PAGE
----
What’s your call?
The 3♠ bidders outweigh everyone else. Meckstroth, always a man of few words, says, “3♠ should describe my shape perfectly.”
Robinson elaborates. “Partner must be 3=4=1=5. If he has:
he has a good play for 5♣. I will show him my singleton heart and let him make the final decision. We don’t want to be in 5♣ if he has wasted heart values.”
Like Robinson, Sanborn offers 3♠ because it completes the pattern description and assists partner in judging the combined assets. “This hand could be useful, or non-fitting if partner’s hearts are, say, ♥K Q 10 9 and her spades are ♠J–x–x.”
Walker, who describes the ♦Q J as “trash,” bids 3♠ because “the other features of this hand warrant cooperation. Notrump isn’t appealing opposite a diamond void. 3♠ should show the heart shortness, and my failure to bid notrump should show not much wastage in diamonds.”
Giragosian agrees. “My hand looks pretty good in this auction. Why not show the spade card and see where partner is headed?”
The Sutherlins see partner’s bids as describing “a hand just short of a jump-shift strength. We have limited our hand. He shouldn’t play us for four spades, since we would have responded 1♠ instead of 1♦ or 2♣. Best to raise spades (pinpointing the singleton heart) and leave open the game choices of 4♠, 3NT or 5♣. Let partner decide.”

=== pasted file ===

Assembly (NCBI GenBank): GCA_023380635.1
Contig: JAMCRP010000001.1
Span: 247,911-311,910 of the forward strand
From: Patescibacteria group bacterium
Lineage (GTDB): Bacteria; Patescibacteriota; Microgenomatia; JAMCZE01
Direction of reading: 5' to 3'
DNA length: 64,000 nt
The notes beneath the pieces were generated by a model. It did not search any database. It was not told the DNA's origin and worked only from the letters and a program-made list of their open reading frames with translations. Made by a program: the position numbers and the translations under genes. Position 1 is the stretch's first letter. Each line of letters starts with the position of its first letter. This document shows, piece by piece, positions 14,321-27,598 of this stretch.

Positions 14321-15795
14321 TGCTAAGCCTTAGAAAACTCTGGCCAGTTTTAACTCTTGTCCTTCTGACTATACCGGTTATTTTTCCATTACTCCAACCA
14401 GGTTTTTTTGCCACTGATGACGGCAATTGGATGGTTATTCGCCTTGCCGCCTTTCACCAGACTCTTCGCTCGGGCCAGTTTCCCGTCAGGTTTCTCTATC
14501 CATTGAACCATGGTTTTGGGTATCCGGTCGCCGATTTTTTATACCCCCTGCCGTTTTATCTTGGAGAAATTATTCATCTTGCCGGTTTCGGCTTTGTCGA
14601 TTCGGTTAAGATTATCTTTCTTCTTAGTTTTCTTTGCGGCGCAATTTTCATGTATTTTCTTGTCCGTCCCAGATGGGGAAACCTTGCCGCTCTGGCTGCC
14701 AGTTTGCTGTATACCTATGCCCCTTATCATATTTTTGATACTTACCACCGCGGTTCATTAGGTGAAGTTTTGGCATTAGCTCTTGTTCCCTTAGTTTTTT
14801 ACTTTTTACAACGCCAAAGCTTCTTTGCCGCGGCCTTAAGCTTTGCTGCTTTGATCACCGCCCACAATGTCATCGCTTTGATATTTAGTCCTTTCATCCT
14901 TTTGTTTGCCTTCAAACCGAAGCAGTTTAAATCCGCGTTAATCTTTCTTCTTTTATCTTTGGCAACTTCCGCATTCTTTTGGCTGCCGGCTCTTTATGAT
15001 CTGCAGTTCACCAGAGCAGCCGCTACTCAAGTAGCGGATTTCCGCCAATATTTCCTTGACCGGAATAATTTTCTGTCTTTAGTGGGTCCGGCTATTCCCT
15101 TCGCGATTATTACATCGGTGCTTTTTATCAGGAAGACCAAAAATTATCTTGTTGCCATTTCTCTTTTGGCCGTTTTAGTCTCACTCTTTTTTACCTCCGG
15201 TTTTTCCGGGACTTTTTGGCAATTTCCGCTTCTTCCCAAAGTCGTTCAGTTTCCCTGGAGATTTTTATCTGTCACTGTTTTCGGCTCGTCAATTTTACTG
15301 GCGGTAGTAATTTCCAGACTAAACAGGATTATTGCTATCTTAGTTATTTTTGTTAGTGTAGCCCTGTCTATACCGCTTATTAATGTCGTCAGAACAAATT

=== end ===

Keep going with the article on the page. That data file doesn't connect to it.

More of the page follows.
The Joyces zero in on the usefulness of 3♠ in describing the hand’s heart shortness. “Maybe the stiff heart is the key to the bank.”
Boehm bids 3♠ “suggesting a high spade. This seems like a good hand for clubs or notrump.”
The 4♣ers bypass 3NT to stress the eminent suitability of the hand for play in a club contract.
“Partner is interested in something, and my hand has just grown for the first time in the auction,” says Lawrence. “3♠ is also acceptable, but only if it is agreed that I will not sit for 3NT.”
“We think partner is patterning out with extras,” say the Coopers. “Although our diamond cards are not working, we do have four clubs, a stiff heart and a side ace, so — vulnerable at IMPs — let’s invite the most likely game.”
Falk and Stack hang back in 3♣. “Partner did not jump shift, so while he has extras, my hand is merely decent, not great,” says Falk. “Partner might be 4=4=1=4, 4=4=0=5 or even 3=4=1=5. 4♣ requires a lot of tricks, and my hand opposite most of those distributions may be far too ambitious.”
Stack, too, anticipates the worst — partner’s 4=4=1=4 hand and alert defenders leading trumps. “It is tempting to bid notrump or suggest playing a Moysian fit by raising to 3♠.”
Cohen and the Gordons bid 2NT. “I have a little extra and diamonds well-stopped,” says Cohen. “This also feels like another near-unanimous panel — a prediction that always makes the problem selectors look bad (not this time, Larry) — and risks making me look silly.” No comment.
The Gordons call 2NT “the middle road.” They acknowledge, “Diamonds are wasted in a suit. It isn’t 100% that partner has four spades, and if he does, it isn’t 100% that spades are the right strain.”
Meyers has no questions and no doubts. “3NT. Partner should have 16–17 HCP with, at most, one diamond. I think I have enough for game.”